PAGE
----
New research suggests the cognitive effects of marijuana use, though significant, may not persist for very long in young people. Here's what else you need to know to Get Up to Speed and Out the Door. (You can also get "5 Things You Need to Know Today" delivered to your inbox daily. Sign up here.)
1. President Trump
President Trump thinks he can do great things in a meeting with North Korean leader Kim Jong Un. But he's also more than willing to walk away. Speaking at Mar-a-Lago with Japanese Prime Minister Shinzo Abe, the President said that if talks with Kim aren't "fruitful, I will respectfully leave the meeting." Abe during the visit reminded Trump about past US failures in North Korean interactions.
Meantime, Trump downplayed talk he's getting ready to fire special counsel Robert Mueller or Deputy Attorney General Rod Rosenstein; "They're still here," he said. When questions turned to Russia, he used his go-to phrase -- "no collusion" -- FIVE times. Speaking of Russia, senior administration officials told CNN the President personally made the decision to dump the plan to hit the Russians with more sanctions after the Syria chemical weapons attack. Trump also is facing backlash for using the word "breeding" when discussing cities that don't cooperate with the feds to deport undocumented immigrants.
2. Puerto Rico blackout
Puerto Rico just can't catch a break. Almost the entire island is in the dark this morning, after a crew removing a fallen tower got too close to an energized line, causing it to fail and, in the process, knock out power across the grid. Only a fraction of residents have regained power so far. This is the second blackout in two weeks caused by the same subcontractor, so the island's governor wants its public power agency to cancel its contract. Huge swaths of Puerto Rico have been without power since Hurricane Maria destroyed its electrical grid last fall, making that the second-longest blackout in history.
The man likely to become Cuba's next President may not carry the Castro name, but he'll uphold the Castro ideology. Cuban First Vice President Miguel Diaz-Canel was nominated by the country's National Assembly to replace Raul Castro as the island nation's leader. He's a 57-year-old technocrat who said he believes "in continuity," dashing the hopes of those wishing that a change in leadership could lead to reforms. And Raul Castro is still expected to exercise a large measure of control over the Cuban government.
Chemical weapons experts still haven't been able to get into Douma, the site of a suspected gas attack on civilians. The latest delay was caused by gunfire on a UN security team. It's not clear now when the team of experts from the Organization for the Prohibition of Chemical Weapons will be allowed into the city. And that's concerning because there's fear all the physical evidence of an attack might be gone by the time a team gets in. About 75 people were killed in the attack, for which Syria and Russia were blamed. The US, UK and France retaliated last week with missile strikes.
5. Airline safety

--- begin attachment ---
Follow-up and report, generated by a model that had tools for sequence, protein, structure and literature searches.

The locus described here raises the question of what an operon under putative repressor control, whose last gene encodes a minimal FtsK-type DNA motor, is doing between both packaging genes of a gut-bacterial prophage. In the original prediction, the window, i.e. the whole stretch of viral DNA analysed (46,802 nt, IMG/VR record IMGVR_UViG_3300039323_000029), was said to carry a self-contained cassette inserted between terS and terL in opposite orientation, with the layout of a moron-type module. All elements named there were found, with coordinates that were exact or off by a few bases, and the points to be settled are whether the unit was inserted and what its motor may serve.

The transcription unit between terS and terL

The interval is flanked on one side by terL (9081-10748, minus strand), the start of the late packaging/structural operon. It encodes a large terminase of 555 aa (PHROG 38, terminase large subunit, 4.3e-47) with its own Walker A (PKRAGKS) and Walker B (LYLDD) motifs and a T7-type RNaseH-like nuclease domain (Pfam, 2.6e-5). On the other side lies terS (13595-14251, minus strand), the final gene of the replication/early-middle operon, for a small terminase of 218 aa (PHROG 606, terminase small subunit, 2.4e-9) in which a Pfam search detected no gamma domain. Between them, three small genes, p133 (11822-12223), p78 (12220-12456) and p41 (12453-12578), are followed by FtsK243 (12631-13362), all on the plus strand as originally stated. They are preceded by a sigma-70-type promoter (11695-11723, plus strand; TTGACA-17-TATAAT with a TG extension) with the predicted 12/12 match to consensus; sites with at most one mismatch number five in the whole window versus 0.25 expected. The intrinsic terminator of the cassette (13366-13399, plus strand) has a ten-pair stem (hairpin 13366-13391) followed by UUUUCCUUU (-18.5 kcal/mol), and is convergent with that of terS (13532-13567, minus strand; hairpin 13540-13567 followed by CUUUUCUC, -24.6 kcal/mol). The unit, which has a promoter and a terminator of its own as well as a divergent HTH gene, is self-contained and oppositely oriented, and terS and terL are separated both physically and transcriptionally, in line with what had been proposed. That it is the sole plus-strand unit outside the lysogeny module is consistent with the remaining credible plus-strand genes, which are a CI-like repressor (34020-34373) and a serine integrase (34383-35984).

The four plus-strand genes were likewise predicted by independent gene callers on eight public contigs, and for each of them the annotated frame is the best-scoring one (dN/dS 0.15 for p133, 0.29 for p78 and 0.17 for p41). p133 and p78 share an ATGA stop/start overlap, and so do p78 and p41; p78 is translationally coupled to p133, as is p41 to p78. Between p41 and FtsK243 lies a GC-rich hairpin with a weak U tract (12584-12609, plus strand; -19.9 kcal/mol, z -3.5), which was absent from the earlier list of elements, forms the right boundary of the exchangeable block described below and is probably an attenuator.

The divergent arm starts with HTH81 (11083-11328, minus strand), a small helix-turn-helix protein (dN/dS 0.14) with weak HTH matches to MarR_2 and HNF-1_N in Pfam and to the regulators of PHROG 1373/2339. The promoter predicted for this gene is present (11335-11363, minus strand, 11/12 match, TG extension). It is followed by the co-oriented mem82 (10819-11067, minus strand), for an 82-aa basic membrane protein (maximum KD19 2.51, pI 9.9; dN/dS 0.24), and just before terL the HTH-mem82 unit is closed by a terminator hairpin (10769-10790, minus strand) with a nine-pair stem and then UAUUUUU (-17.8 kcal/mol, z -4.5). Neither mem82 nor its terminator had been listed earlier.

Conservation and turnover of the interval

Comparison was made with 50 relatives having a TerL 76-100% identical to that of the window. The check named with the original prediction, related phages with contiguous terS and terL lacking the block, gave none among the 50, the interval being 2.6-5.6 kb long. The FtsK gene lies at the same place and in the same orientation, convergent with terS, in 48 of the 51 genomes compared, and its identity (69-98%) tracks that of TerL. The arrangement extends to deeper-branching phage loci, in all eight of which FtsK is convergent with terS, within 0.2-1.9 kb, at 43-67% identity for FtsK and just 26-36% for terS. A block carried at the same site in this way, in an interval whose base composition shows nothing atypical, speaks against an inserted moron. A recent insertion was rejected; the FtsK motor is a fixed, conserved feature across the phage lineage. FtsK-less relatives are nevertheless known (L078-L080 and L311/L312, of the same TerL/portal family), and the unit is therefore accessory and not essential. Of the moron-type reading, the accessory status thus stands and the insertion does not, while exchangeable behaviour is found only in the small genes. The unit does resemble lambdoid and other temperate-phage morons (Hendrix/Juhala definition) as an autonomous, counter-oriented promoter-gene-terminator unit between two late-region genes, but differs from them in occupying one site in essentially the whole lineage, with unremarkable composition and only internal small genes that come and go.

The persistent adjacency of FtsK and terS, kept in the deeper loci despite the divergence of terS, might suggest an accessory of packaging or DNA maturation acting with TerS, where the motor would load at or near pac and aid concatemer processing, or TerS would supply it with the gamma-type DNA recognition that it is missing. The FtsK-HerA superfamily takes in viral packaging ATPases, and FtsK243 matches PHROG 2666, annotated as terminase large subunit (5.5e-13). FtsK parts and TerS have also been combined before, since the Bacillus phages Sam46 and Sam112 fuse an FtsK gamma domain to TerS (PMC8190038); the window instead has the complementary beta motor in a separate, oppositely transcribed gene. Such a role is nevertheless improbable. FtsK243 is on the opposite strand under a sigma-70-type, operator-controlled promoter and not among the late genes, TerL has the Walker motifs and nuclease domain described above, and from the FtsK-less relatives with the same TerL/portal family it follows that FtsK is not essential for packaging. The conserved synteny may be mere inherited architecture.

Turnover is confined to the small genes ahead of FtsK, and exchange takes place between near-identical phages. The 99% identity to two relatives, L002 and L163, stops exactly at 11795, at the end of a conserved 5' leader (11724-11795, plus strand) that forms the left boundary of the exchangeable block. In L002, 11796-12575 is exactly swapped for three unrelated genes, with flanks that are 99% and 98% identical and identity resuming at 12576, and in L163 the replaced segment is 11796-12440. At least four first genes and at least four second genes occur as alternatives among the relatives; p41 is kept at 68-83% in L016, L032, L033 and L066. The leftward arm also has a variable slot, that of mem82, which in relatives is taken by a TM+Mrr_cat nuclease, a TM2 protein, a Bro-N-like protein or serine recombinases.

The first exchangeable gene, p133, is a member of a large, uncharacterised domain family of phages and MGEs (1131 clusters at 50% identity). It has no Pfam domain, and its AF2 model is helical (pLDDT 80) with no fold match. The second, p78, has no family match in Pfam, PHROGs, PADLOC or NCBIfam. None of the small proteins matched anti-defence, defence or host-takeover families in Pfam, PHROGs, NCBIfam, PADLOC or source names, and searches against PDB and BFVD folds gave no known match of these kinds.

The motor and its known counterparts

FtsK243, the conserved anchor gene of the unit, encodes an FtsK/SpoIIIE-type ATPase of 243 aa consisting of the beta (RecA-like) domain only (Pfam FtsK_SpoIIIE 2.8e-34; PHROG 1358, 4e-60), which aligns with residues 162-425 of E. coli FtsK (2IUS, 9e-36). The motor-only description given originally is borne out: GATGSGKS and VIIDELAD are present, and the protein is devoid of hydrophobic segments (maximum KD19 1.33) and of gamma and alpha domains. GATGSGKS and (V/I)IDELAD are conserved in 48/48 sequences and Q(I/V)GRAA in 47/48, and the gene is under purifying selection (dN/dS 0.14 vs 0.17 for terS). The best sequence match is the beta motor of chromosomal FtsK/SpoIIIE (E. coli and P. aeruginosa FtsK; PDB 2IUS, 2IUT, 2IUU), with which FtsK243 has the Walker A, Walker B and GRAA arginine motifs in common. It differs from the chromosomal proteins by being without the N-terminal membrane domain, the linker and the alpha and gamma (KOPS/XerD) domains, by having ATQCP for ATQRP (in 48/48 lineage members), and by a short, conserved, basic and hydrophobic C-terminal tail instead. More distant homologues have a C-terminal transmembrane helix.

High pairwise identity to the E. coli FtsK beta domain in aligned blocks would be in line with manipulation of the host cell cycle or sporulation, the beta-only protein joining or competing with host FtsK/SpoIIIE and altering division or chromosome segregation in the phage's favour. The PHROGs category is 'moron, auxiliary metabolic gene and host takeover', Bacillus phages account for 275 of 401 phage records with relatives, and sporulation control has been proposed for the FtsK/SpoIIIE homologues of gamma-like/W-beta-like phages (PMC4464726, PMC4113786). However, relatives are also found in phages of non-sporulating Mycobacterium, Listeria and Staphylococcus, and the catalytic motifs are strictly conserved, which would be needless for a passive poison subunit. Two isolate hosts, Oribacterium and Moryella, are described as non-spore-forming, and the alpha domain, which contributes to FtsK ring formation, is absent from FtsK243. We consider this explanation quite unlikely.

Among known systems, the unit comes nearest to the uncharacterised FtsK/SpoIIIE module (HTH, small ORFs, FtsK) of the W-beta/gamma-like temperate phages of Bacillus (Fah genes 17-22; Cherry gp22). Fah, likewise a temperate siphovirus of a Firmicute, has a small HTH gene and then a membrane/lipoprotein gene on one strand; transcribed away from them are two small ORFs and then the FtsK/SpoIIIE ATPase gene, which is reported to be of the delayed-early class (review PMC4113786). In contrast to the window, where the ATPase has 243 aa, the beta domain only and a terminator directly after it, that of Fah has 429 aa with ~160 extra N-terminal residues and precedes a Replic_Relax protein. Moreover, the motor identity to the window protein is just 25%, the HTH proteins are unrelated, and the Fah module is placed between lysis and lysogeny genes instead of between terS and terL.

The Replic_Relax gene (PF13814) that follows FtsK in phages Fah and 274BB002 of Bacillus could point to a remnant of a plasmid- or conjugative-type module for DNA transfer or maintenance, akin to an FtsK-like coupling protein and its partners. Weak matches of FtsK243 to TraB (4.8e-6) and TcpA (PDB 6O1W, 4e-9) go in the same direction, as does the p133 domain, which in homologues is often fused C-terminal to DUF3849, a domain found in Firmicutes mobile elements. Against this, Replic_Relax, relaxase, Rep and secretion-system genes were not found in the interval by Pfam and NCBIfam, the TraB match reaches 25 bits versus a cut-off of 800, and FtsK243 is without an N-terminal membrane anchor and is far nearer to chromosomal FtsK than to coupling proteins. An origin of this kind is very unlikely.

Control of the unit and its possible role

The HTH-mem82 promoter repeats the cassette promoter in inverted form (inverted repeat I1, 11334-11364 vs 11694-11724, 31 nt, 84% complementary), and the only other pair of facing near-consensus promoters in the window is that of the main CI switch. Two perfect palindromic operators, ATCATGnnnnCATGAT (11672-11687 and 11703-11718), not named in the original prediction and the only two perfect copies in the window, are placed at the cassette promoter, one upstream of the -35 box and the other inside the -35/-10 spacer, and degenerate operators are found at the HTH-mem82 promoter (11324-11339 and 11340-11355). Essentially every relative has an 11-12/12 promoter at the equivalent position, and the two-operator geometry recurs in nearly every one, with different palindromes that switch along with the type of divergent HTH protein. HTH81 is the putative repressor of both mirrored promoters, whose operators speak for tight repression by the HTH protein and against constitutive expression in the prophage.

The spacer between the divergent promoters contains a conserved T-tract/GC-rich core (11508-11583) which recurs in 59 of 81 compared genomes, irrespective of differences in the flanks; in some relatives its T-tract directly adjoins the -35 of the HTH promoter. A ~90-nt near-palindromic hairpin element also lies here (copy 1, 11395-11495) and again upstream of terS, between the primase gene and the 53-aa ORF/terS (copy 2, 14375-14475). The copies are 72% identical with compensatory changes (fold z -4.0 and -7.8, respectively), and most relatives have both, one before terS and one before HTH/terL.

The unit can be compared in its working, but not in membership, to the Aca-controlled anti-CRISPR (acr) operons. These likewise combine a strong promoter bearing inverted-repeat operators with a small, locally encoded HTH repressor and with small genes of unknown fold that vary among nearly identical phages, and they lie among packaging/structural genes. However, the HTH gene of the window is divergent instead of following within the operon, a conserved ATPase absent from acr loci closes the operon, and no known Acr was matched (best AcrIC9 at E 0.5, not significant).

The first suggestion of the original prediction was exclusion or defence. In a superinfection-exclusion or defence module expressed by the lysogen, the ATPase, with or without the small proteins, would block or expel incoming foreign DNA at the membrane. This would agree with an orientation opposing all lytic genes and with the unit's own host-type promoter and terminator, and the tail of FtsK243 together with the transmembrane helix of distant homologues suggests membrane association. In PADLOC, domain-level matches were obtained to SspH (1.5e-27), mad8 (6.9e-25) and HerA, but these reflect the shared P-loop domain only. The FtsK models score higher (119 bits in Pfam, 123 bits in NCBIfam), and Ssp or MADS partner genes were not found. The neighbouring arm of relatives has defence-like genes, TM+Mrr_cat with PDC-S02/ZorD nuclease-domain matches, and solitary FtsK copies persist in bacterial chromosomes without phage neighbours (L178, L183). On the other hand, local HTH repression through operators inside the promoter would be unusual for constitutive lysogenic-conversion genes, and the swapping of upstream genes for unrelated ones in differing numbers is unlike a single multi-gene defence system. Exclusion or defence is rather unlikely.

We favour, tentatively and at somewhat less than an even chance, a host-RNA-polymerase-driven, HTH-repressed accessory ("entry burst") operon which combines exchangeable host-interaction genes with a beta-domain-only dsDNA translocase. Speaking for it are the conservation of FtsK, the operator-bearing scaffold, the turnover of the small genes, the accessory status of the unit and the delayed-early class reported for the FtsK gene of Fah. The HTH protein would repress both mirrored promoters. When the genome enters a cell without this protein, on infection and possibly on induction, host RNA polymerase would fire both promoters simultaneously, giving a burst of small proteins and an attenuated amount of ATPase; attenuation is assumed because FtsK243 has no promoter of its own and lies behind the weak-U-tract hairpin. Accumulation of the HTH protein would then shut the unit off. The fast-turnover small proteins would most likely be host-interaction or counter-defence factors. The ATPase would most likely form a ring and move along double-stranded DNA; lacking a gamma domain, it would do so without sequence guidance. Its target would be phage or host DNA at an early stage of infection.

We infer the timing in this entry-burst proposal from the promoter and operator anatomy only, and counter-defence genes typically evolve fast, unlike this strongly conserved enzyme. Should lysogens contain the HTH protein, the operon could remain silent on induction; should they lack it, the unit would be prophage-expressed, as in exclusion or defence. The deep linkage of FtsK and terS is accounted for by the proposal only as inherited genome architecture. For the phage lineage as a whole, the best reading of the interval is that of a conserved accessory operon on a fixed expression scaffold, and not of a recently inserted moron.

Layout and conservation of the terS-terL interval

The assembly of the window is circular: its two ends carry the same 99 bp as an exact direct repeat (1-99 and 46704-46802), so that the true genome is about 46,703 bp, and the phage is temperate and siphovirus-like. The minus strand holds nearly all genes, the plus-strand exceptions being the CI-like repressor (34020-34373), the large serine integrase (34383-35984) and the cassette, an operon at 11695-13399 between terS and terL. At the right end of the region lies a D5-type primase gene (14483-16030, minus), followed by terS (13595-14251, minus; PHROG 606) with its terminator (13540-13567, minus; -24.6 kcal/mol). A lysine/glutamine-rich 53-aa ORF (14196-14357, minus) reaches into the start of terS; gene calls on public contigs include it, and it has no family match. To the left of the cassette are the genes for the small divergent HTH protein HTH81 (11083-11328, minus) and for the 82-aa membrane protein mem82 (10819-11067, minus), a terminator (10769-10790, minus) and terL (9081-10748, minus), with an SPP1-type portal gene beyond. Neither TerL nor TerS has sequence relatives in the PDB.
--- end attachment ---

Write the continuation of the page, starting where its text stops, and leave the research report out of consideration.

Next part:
As investigators piece together what happened to the engine on a terrifying Southwest Airlines flight that turned fatal, the flying public has to be asking: What about the thousands of other jet engines in service right now? The Southwest jet engine showed signs of "metal fatigue," and this type of thing has happened before on at least one other Southwest flight. So, the airline's going to start doing intensive inspections of its planes' engines. The FAA last night said it would issue a directive requiring inspections of certain kinds of plane engines.
Editor's note: We're grateful to our readers who are aviation experts and who pointed out a line in yesterday's newsletter that implied the pilot regained control of the plane only after it dropped from about 30,000 feet to 10,000 feet. It's standard procedure in an emergency to descend to 10,000 feet, which is what the pilot, who's being praised for her "nerves of steel," did.
Looks like Steven Spielberg is joining the superhero craze. He's getting involved in "Blackhawk," from the DC Universe.
Welcome to Wakanda
Saudi Arabia ended it's 35-year ban on movie theaters with a screening of "Black Panther."
He needed a kidney and made a desperate plea. Thankfully, a classmate he hadn't seen in five decades answered the call.
Reboots roll on
First, it was "Total Request Live." Now, MTV's bringing back "YO! MTV Raps" for the Migos generation.
That "Three Billboards" movie was inspired by an actual cold case, and police just doubled the reward in the real-life mystery.
Living the California lifestyle is awesome -- until giant tumbleweeds roll into town and darn near take over.
Prince death investigation
A Minnesota prosecutor will announce today whether anyone will be charged in pop legend's April 2016 death.
The number of Amazon Prime members, revealed for the first time by CEO Jeff Bezos in a letter to shareholders
"This action goes against our very foundation."
Air National Guard Director Lt. Gen. Scott Rice, after three members of the Tennessee Air National Guard were fired or demoted after one used a dinosaur puppet while taking the reenlistment oath
What's Michael Scott's superpower?
Someone with a little (too much) time on his hands mashed up the intro from "The Office" with scenes from "The Avengers" movies. (Click to view.)